Yvonne Orji appears at the "Insecure" panel during the HBO TCA 2020 Winter Press Tour at the Langham Huntington on Wednesday, Jan. 15, 2020, in Pasadena, Calif. Picture: Willy Sanjuan/Invision/AP
Yvonne Orji appears at the "Insecure" panel during the HBO TCA 2020 Winter Press Tour at the Langham Huntington on Wednesday, Jan. 15, 2020, in Pasadena, Calif. Picture: Willy Sanjuan/Invision/AP

‘Insecure’ star Yvonne Orji returns to stand-up in 'Momma, I Made It'

By Adenike Olanrewaju Time of article published Jun 9, 2020

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Most people know Yvonne Orji as Molly Carter, the driven but self-sabotaging sidekick to Issa Rae’s protagonist on “Insecure,” HBO’s breakout show about black millennial friends in Los Angeles.

But as that series nears the end of another season of hookups, breakups and growing pains (the Season 4 finale is June 14), HBO viewers will get the chance to know Orji as herself, or at least the version she plays on the stand-up stage.

“Momma, I Made It!,” debuted on Saturday in the US, is the 36-year-old comedian’s first televised special.

 Taped at the Howard Theater in Washington, D.C., the hour-long performance finds Orji riffing on life, love and finances through the prism of her Nigerian background and is interspersed with clips of Orji during a return trip to Lagos, Nigeria’s largest city.

“Insecure” has become her calling card, but it was comedy, not acting, that served as Orji’s entry into show business. Her path, however, was hardly conventional. Born in Port Harcourt in southeastern Nigeria, Orji and her family arrived in the United States in 1989, eventually settling in Laurel, Maryland. She went on to earn degrees at The George Washington University before giving stand-up a shot as a contestant in the Miss Nigeria in America pageant in 2006. She went on to perform in clubs in New York and Los Angeles and to open for the likes of Chris Rock.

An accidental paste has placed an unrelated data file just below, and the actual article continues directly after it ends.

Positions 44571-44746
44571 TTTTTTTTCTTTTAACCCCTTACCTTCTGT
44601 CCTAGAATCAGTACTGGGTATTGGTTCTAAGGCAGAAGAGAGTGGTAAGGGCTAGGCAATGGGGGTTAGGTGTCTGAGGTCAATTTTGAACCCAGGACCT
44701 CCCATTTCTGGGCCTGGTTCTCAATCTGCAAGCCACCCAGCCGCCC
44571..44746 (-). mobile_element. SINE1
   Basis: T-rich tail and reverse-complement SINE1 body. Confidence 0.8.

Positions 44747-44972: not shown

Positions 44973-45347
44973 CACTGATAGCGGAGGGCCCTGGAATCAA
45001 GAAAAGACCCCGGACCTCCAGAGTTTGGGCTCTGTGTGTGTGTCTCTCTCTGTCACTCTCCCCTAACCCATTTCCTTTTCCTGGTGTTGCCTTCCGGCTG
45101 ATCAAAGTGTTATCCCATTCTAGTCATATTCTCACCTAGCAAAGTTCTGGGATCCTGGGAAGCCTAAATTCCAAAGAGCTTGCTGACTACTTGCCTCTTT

“You don’t get to be Nigerian and tell your parents you want to do comedy without getting a couple of degrees under your belt first,” Orji said recently.

In a phone interview last month, she discussed the special, growing up Nigerian American, the influence her faith has on her life, and career advice from Rock. These are edited excerpts from the conversation.

Q: You got a bachelor’s degree in sociology and a master’s in public health. That’s not the usual route to standup comedy.

A: You’ve got to give your parents what they want, then you go and do the things you want to do. Those are the rules. After I got my master’s degree, I knew I didn’t want to go to med school, but I didn’t know what I wanted to do either. Really, it was God who told me to do comedy, and I was like, “OK, I hear you.”

Q: You cover a lot of topics in your stand-up — dating, finances, how your life has changed since “Insecure” — but your parents seem to be the theme you keep going back to. We even get to meet them in the special. Why are they so central to your act?

A: Growing up as a child of immigrants, you’re raised to be community focused; you never forget home. It’s a never-ending quest to make your family proud. And while I’ve achieved a level of success at this point, I still want to buy my parents a house, or show up to the village with a car.